Published by: Prevention at the Intersections
Theme: Mind, Body, & Gender
For the 1st issue of CATALYST, we are accepting submissions that address the connections between the mind and the body in our work to prevent violence and heal community harm. We are accepting submissions that focus on strategies to mend injustices from a variety of perspectives. We would like to review work that focuses on embodied philosophies of social change and healing as a practice of collective liberation.
Our goal will the Mind, Body, & Gender issue is to bring light to issues that intersect with people's experiences of ability, sexuality, citizenship, age, gender identity, relationship status, body image, and beyond. We recognize that the work to prevent violence is multi-faceted and we need critical voices in defining the framework for strategies to be developed.
"I love America more than any other country in the world and, exactly for this reason, I insist on the right to criticize her perpetually."
― James Baldwin
"I really think the range of emotions and perceptions I have had access to as a black person and as a female person are greater than those of people who are neither... So it seems to me that my world did not shrink because I was a black female writer. It just got bigger."
- Toni Morrison
Theme: The Criminalization of Dissent
In the 2nd issue of CATALYST, we will focus on the theme of social and political dissent in the U.S. With a particular emphasis on the protection of our civil and human rights. We are interested in sharing experiences from front line organizers, artists, and thought leaders about our rights to engage in civil disobedience. We accept submissions that focus on human rights and access to civil rights. We want to review submissions that highlight what is being done in the U.S. to dismantle our abilities to provide much-needed dissent in American political decision making. We know that through misuse of policies and covert action by the government and law enforcement agencies, there is a strategic effort to silence our voices and remove our ability to self organize and work towards collective liberation.
We will publish submissions that focus on the themes of this issue with a particular emphasis on issues of political and social dissent in the United States. We are open to submissions that focus on strategies to rebuild and defend our constitutional rights to offer dissent to the state. We will review submissions that relate to experiences about the misuse of power by our government and U.S. corporations. We'd like to publish submissions that discuss key tactics being used by the U.S. government and local municipalities to convert the image of dissent into terrorism and to shape protests as criminal behavior.
"To sin by silence, when they should protest, makes cowards of men."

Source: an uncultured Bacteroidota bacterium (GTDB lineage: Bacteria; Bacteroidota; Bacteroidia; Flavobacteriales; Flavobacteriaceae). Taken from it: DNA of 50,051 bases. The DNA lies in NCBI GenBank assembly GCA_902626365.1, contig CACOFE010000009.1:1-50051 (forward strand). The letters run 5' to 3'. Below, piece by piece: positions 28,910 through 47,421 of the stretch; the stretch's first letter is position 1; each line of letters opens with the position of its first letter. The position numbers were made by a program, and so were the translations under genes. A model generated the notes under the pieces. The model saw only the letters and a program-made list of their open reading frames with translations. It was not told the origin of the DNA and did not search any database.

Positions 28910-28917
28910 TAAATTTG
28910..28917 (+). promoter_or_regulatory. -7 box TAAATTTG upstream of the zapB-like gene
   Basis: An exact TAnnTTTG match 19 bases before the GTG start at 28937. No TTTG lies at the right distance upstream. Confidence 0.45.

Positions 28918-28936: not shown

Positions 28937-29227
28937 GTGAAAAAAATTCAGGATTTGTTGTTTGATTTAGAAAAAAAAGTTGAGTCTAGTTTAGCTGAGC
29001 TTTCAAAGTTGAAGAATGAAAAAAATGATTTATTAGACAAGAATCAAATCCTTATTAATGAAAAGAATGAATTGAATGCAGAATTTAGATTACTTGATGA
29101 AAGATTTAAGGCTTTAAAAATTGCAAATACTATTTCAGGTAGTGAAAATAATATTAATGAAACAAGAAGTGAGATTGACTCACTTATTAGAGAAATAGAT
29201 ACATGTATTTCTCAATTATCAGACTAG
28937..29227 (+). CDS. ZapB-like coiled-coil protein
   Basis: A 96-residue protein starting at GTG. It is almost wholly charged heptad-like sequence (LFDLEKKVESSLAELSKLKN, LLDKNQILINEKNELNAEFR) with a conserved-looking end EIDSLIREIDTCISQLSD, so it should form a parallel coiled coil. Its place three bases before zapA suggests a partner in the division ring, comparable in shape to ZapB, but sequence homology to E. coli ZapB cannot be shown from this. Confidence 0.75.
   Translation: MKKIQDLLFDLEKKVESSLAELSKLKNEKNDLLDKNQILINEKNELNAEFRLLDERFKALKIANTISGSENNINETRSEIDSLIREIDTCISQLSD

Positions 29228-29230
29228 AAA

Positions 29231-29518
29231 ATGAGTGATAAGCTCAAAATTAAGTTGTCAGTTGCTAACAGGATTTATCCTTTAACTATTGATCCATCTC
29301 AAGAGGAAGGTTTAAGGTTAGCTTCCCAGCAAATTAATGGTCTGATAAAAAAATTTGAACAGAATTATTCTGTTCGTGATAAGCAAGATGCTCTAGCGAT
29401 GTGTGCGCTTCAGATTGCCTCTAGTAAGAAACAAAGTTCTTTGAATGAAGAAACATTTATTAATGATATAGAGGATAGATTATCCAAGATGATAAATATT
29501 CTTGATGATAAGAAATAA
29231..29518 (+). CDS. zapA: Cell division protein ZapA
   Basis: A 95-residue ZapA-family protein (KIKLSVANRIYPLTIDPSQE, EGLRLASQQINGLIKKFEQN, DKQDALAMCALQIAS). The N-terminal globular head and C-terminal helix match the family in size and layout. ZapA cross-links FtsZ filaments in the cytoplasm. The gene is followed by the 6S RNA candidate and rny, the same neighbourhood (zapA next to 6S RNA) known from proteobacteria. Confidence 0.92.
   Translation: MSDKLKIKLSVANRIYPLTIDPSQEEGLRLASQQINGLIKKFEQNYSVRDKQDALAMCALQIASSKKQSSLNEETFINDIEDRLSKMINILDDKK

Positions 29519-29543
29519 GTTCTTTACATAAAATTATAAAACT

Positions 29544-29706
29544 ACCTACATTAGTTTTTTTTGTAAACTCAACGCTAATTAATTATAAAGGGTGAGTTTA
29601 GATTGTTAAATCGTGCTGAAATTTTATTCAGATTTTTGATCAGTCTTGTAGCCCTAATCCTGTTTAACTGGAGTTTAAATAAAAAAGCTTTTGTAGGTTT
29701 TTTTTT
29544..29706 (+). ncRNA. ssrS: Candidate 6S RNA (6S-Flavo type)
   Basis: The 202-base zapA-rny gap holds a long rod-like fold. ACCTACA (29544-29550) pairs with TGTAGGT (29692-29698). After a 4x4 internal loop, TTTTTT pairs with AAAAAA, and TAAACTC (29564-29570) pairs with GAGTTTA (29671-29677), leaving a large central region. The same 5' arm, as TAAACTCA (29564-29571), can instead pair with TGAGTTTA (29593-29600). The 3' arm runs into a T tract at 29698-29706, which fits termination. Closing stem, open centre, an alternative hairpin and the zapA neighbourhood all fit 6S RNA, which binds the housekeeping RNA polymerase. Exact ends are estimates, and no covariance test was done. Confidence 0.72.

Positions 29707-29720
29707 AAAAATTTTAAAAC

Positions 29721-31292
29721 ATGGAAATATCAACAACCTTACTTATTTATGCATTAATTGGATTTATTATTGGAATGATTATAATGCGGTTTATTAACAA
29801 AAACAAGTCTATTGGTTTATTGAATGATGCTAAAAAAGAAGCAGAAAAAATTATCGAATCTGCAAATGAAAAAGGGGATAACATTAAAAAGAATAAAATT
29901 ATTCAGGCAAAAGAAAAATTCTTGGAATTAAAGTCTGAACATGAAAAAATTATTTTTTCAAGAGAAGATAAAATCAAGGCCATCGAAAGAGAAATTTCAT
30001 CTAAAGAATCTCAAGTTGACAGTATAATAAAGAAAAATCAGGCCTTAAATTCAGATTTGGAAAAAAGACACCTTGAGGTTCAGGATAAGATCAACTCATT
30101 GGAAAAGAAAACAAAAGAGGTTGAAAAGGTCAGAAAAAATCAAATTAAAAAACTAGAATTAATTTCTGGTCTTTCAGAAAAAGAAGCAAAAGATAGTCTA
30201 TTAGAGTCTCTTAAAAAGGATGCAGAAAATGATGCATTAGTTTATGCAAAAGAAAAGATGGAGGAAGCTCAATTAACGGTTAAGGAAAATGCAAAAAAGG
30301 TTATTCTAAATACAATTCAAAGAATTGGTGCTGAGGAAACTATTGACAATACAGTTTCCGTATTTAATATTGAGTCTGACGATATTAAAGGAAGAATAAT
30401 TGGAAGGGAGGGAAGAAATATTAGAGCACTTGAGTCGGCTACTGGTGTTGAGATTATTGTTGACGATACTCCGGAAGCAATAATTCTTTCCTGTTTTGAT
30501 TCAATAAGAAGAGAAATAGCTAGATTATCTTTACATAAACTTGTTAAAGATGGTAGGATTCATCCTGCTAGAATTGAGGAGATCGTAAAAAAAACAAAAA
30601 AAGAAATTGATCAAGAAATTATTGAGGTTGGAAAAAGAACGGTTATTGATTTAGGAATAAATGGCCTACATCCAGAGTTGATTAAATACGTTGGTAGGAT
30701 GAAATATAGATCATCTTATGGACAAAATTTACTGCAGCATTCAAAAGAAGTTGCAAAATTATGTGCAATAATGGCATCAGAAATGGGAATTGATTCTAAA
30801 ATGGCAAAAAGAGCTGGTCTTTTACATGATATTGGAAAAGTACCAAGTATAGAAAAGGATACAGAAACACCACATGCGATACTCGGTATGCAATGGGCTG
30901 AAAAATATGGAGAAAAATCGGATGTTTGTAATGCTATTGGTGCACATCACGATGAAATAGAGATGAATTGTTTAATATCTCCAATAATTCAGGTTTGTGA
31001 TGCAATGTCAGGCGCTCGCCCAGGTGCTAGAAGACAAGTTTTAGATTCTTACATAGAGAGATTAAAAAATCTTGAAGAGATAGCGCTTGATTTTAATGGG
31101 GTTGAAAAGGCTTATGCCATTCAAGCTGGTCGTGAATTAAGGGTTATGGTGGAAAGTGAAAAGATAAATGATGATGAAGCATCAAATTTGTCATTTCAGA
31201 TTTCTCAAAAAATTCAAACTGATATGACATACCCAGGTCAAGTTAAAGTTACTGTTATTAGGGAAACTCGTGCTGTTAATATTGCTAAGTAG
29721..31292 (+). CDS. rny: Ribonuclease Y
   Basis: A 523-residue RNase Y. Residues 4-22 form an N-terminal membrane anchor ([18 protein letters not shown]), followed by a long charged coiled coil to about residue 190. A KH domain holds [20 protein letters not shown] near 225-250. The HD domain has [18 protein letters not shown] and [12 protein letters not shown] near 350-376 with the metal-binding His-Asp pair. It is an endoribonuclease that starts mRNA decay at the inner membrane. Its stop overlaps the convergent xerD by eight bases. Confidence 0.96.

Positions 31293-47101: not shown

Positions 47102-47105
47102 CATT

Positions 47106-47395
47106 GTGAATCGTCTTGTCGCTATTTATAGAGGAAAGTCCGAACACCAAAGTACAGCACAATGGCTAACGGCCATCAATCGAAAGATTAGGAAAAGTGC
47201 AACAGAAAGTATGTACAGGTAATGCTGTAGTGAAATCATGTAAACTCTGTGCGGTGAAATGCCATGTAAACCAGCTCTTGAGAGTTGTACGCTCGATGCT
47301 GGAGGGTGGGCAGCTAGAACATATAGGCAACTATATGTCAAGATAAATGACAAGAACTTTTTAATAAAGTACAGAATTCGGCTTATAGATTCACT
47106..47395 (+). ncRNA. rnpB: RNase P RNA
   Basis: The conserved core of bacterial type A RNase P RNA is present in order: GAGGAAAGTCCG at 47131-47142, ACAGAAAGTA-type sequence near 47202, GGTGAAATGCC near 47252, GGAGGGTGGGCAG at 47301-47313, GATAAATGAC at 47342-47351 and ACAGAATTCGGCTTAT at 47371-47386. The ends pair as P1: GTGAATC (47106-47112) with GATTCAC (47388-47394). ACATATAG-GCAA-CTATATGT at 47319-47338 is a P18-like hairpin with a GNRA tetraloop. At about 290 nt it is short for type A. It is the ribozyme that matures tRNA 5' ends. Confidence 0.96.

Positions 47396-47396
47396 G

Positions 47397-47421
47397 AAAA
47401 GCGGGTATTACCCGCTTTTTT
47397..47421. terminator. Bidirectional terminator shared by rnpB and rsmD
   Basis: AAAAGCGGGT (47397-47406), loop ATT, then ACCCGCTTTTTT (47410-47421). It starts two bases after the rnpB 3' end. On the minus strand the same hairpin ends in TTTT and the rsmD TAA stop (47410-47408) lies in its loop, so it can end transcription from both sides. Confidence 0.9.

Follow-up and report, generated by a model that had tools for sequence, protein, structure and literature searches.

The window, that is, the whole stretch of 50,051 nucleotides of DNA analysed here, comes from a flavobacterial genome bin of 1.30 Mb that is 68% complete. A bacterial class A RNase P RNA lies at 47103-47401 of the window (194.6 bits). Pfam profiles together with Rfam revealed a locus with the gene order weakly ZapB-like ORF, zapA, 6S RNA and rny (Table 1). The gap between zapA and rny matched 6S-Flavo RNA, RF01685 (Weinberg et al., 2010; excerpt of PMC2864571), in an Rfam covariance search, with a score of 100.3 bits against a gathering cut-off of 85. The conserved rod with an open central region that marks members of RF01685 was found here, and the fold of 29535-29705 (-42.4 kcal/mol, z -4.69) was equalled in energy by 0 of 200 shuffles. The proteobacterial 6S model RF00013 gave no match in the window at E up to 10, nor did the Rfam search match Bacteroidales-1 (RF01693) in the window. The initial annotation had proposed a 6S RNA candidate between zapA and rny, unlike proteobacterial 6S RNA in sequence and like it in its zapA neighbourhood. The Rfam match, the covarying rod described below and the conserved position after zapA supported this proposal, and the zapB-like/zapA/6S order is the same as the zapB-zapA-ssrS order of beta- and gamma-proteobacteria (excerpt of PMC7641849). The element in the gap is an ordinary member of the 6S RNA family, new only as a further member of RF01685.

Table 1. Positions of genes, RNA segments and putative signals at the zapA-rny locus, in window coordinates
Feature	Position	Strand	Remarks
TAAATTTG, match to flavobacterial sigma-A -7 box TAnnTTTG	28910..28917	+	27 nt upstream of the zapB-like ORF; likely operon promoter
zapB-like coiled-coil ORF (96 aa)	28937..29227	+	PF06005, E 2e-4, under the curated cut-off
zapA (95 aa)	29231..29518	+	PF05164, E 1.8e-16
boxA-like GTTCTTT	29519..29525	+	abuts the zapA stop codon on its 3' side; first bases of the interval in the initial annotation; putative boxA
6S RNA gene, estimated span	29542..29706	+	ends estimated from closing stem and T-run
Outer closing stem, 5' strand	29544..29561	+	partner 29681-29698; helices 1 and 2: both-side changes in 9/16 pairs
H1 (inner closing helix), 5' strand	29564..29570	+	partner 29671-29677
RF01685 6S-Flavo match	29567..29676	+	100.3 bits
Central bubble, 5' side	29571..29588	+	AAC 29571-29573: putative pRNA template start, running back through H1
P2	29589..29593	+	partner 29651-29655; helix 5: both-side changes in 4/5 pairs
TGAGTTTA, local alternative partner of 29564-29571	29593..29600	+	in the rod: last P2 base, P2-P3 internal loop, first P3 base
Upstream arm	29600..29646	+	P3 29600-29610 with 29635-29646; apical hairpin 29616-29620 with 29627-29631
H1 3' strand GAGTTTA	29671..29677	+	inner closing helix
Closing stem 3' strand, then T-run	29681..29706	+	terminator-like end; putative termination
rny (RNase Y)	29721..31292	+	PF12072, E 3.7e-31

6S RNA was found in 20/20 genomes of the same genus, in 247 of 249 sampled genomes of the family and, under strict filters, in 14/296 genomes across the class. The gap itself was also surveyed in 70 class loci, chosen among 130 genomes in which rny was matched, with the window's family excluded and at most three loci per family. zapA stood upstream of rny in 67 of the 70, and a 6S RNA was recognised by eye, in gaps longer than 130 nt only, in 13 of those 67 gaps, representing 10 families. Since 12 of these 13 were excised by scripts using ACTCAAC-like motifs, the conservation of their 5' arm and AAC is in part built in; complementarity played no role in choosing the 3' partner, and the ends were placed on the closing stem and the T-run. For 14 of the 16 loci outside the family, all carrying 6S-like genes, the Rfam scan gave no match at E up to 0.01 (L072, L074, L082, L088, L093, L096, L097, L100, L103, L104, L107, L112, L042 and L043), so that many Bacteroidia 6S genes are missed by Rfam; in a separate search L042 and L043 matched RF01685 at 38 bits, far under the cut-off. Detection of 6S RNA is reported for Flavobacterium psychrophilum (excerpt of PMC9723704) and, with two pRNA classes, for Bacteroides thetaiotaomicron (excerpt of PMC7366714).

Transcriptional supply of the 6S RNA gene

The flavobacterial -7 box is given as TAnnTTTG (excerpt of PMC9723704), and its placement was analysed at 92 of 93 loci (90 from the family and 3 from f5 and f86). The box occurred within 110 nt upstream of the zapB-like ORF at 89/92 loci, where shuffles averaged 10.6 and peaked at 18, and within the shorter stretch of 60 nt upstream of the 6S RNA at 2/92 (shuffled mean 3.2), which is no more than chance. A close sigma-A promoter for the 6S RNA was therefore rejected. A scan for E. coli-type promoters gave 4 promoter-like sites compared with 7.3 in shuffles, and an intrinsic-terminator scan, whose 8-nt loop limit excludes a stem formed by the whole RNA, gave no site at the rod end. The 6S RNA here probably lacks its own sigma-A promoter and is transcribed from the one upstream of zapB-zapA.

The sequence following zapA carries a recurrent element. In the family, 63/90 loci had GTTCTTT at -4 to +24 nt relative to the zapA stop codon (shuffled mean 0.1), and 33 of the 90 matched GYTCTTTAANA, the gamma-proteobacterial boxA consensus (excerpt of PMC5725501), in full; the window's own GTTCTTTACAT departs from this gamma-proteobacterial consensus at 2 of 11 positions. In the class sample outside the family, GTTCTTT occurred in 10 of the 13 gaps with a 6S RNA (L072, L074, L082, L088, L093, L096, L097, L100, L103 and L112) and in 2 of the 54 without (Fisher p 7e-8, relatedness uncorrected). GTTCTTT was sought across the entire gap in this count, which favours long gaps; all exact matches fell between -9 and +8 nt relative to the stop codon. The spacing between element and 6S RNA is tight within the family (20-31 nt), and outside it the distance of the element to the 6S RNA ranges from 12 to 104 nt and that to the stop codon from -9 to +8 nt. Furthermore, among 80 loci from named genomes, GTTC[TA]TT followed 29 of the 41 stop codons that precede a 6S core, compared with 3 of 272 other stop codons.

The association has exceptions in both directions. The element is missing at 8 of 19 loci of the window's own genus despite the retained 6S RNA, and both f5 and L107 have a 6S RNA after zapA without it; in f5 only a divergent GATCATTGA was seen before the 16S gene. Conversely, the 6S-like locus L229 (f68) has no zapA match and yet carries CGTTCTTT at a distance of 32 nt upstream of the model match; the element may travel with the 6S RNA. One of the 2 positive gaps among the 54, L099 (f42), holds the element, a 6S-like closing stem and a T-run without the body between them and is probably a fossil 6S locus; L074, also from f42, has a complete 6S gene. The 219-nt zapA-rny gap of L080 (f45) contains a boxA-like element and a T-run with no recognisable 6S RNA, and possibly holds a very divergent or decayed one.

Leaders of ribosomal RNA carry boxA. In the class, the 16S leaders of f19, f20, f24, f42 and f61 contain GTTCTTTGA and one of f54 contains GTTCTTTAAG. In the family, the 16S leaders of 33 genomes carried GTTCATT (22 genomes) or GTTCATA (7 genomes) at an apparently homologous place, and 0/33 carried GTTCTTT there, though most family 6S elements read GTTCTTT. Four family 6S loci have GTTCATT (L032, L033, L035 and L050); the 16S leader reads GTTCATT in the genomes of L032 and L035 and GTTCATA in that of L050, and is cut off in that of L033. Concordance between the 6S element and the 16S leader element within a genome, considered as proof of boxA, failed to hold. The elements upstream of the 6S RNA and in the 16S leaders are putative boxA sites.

― Ella Wheeler Wilcox
"Nothing strengthens authority so much as silence."
― Leonardo da Vinci
Theme: Systems Change
At the intersections of our individual and group experiences, we have different relationships with the state and how the system impacts us. For the 3rd issue of CATALYST, we will accept submissions on the themes of systems change. The goal is to raise awareness of the root causes of social problems that are embedded in local, state-wide, regional, and national agencies. We hope to address concerns regarding policy change and moving past reformation framework of systems change, to systems creation. A system is 'a set of things — people, cells, molecules, or whatever — interconnected in such a way that they produce their pattern of behavior over time' (Meadows, 2010). We are interested in submissions that address concerns of complicity and defiance against the systematic oppression people face. We want submissions that will bring light to the intractable networks of oppression that mar the lives of people at the margins.
"You have to act as if it were possible to radically transform the world. And you have to do it all the time."
― Angela Davis
"Never in history has violence been initiated by the oppressed. How could they be the initiators, if they themselves are the result of violence?"
― Paolo Freire
"If you are neutral in situations of injustice, you have chosen the side of the oppressor. If an elephant has its foot on the tail of a mouse, and you say that you are neutral, the mouse will not appreciate your neutrality."
― Desmond Tutu (Foreword)
Theme: The Politics of Health & Well-Being
Health and well-being are wrapped up in our social, political, and economic norms and forced living conditions. While power and the influence of capitalism, arguably, should not have an impact on whether an individual, group, or community has access to the care needed to live a healthy life - the reality doesn't mirror that framework. Instead, we are put at risk by a health care system funded by corporations that aim to conflate profitability with the well being of human beings and the environment.